"Checkmate!" I felt, "Not just yet!"

But when I headed over to the house on Wednesday morning, I knew in my heart this was Ronnie’s last day. No, I am not psychic, I just know. It's a hospice nurse/midwife-of-the-soul thing.

I called CJ at Notre Dame and told him that Ronnie was not doing well and it might be our only chance to FaceTime today. When I arrived Marg escorted me to see her sweet husband. We talked about how people die and what this might look like for them. I talked with Ronnie about any pain he was having and he was definitely in pain which was being managed with narcotics. We talked about allowing me to place a catheter so he would not have to worry about peeing on himself if he is too weak to stand, which he was, and he agreed. Marg was tearful and other family members were present and in and out during my visit.

Near the end of my time, I ask Marg to get her iPad for the FaceTime call. Ronnie did his very best to sit up and Marg put on his Notre Dame hat, and in his hands he held an autographed football with a picture of Notre Dame football players on it.

Wondering if the rescheduled call would happen a day early or not, CJ promptly called in from the locker room, along with about six or so other Notre Dame teammates. I cannot recall the exact conversation but I'll never forget how Ronnie perked up so brightly that you would not know he was actively dying. Ronnie’s face lit up from ear to ear and he tried his best to be strong and talk. I have never seen a brighter smile. Touchdown!! I have a mental photograph of this very moment, that I will never erase. It was beautiful to see the joy and excitement a FaceTime call could bring him. And the kindness and humanity that CJ and his teammates gave to this fan.

After the call Ronnie was joyful and exhausted. He had expended all the energy he had left on the call. Everyone in the family expressed gratitude for the experience.

That evening around 8pm Ronnie took his last breath. But what a day. I learned that CJ spoke with Marg after Ronnie’s death and mailed Notre Dame swag to her for Ronnie to be buried in. Marg also made the most magnificent arrangement for the cemetery, it was all navy blue and gold with Notre Dame ribbon woven in beautifully.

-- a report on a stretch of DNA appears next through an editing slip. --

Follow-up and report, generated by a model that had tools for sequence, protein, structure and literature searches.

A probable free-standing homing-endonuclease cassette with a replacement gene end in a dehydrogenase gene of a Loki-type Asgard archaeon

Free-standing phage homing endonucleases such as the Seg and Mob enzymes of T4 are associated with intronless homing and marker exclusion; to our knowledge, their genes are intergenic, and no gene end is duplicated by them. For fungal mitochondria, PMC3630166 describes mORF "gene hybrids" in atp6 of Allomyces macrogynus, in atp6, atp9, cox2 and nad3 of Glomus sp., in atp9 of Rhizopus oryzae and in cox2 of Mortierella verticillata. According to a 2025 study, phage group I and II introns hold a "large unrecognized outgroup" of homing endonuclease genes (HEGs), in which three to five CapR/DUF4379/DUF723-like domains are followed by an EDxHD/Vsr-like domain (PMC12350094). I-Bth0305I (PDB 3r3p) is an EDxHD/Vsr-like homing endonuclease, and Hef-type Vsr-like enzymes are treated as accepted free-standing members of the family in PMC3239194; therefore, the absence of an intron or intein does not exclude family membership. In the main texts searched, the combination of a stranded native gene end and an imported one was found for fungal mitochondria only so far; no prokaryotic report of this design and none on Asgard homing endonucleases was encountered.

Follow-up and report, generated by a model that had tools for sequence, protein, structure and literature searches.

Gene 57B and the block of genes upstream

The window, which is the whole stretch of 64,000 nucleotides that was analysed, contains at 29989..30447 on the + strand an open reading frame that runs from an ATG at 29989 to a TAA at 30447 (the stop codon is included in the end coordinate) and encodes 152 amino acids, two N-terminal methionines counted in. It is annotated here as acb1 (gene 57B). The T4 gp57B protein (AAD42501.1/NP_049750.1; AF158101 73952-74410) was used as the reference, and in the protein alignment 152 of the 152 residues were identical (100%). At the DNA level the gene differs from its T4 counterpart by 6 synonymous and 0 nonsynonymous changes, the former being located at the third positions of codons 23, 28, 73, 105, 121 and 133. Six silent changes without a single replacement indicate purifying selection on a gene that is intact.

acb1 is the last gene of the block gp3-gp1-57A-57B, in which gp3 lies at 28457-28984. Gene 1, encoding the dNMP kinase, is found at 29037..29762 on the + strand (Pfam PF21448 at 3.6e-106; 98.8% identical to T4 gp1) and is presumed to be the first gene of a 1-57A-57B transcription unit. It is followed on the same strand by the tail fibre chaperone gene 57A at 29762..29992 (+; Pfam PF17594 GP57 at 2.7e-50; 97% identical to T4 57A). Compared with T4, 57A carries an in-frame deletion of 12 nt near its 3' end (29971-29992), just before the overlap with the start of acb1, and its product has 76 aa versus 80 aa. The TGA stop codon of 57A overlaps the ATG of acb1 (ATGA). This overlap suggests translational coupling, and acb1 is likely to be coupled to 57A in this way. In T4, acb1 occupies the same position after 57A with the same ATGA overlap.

I would say that this death was beautiful, at home, surrounded by the people that meant the most to the man that died. It is a great honor to be a part of any death. 

And what a beautiful team effort on the part of all humans involved. CJ is an exceptional guy and a generous young man. I think it speaks volumes to the character of such a young man. He and I have not spoken about this experience since it happened but I feel like we both understood what was asked of us and we completed the job. As humans this is what we are here to do! Show up for one another and perform as a team! We are all here on one human experience and we cannot do it alone. In this life and in the afterlife we are all one collective. I had a personal experience once that led me to believe that the entire planet and all the living beings on it are connected. We all must take a deep breath and pour into one another. That is the only way we will continue, if we choose any other way the experience is shortened and we will not be content. 

Zan Phillips, aka Nurse Zan, is a Nashville native, Death Doula, Registered Nurse and a momma of two. As a previous ICU and hospice nurse, she developed a strong love for humankind and healing. As a Death Doula, she performs a large variety of services, including but not limited to creating death plans, and providing spiritual, psychological, and social support before and just after death. Much like in birth, death can be very personal for the individual. She believes each of us are on an intense journey through life and we can all use the gift of wellness and support along the way. Find her online at and on Instagram @nurse_zan.

Note: All names have been changed in the article above to preserve privacy.